External structure

The Discovery shuttle carried on board
the Station’s first exterior frame,
a truss structure in the form of a beam,
as well as another conical adapter
for docking to the Station.

On October 11, 2000, Shuttle Discovery flew to the International Space Station for an assembly mission that would last 12 days and 21 hours and during which it would circle the Earth 203 times and travel 8.5 million kilometers. Its crew members installed the Z-1 structure and the pressurized adapter, and they completed four spacewalks.

Z-1 is the first exterior frame element that will allow the first American solar panels to be temporarily attached to the Unity connection module for power supply. A Ku-band communication system was also installed to allow scientific activities to be carried out and the establishment of an American television network during flight 6A. In addition, CMG (for Control Moment Gyros) gyroscopes, weighing approximately 270 kilograms, were installed to provide non-propulsive attitude control when activated during flight 5A. The pressurized adapter was installed to allow docking of the shuttle for the installation of the solar panels during flight 4A and the laboratory during flight 5A.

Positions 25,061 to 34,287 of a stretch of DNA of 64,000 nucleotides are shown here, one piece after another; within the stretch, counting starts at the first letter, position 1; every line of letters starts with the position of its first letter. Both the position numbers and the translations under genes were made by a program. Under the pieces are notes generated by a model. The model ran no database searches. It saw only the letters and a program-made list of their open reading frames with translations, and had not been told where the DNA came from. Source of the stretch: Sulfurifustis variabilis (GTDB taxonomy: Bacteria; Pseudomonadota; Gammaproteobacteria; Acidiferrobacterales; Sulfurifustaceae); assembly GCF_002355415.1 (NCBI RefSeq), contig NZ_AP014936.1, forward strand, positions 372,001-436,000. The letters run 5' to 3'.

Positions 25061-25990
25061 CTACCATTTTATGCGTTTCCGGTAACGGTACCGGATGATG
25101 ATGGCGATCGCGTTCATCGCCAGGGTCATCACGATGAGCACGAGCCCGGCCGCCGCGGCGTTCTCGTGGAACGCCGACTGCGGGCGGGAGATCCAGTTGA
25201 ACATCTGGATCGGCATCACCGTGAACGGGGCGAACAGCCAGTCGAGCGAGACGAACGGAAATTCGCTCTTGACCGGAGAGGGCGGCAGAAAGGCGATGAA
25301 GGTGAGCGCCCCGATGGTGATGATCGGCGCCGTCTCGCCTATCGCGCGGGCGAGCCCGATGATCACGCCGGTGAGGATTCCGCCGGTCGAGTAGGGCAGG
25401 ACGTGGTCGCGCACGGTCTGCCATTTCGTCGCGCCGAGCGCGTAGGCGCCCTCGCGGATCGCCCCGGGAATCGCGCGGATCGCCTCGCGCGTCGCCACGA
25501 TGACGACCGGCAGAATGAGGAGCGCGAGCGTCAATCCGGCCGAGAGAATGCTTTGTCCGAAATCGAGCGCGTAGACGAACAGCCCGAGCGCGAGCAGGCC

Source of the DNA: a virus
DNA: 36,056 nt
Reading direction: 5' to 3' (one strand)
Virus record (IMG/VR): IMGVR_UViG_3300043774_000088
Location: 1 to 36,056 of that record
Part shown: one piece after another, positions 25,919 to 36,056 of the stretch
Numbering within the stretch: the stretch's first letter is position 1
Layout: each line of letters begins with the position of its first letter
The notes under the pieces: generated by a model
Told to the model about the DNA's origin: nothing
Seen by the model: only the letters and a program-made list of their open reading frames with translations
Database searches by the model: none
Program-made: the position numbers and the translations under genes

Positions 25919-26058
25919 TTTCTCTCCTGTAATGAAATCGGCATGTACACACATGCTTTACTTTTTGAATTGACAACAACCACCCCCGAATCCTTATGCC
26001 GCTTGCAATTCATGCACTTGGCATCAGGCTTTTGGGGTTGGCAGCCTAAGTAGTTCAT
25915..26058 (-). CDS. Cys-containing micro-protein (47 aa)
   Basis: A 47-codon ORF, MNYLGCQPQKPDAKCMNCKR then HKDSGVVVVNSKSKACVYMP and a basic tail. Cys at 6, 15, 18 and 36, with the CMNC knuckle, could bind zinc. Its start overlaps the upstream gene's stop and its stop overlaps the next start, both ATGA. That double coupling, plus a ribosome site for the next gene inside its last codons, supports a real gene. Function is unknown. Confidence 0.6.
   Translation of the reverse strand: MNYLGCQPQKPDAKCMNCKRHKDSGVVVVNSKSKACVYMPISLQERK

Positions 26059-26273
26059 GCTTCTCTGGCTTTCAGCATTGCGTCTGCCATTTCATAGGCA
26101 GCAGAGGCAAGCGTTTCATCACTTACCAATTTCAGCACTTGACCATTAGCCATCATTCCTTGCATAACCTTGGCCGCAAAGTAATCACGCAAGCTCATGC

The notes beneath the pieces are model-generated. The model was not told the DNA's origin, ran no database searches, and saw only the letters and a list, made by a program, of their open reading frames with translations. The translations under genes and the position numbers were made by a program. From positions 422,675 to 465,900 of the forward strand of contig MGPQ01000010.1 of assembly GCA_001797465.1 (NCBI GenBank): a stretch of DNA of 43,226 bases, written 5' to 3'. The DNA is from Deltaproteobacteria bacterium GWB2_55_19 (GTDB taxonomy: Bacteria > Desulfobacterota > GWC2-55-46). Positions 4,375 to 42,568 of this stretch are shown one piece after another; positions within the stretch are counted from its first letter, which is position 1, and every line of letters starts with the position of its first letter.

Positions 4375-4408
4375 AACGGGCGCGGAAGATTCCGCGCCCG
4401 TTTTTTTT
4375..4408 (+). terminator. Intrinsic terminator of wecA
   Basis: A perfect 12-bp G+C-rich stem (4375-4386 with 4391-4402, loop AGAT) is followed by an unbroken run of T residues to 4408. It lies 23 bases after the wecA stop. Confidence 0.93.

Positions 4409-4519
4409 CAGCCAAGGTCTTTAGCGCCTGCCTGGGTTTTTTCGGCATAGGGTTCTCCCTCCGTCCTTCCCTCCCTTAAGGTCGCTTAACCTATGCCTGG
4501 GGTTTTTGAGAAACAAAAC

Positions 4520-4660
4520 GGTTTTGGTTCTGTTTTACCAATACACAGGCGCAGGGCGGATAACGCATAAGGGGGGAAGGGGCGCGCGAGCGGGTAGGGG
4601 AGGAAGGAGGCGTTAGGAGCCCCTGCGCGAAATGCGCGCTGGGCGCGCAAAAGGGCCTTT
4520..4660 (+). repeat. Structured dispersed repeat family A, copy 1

Two teams of space walkers and an experienced robotic arm operator, over four trips, worked closely together to install the Z-1 structure on the US Unity docking module and to deliver the third pressurized adapter to it. ‘ISS in order to allow the docking of the elements of the Station and the mooring of the shuttles.

The Z-1 structure, somewhat resembling a beam, was the first permanent element of the structure of the Station and made it possible to prepare the arrival of the segments of the large beam of the ISS. The Z-1 structure will also serve as a platform on which the large American solar panels will be mounted during the shuttle’s next assembly flight, flight STS-97. The Z-1 structure contains four gyroscopes which will be used to correctly orient the ISS in orbit.

On October 24, 2000, Discovery landed on runway 22 at Edwards Air Force Base in California after a successful mission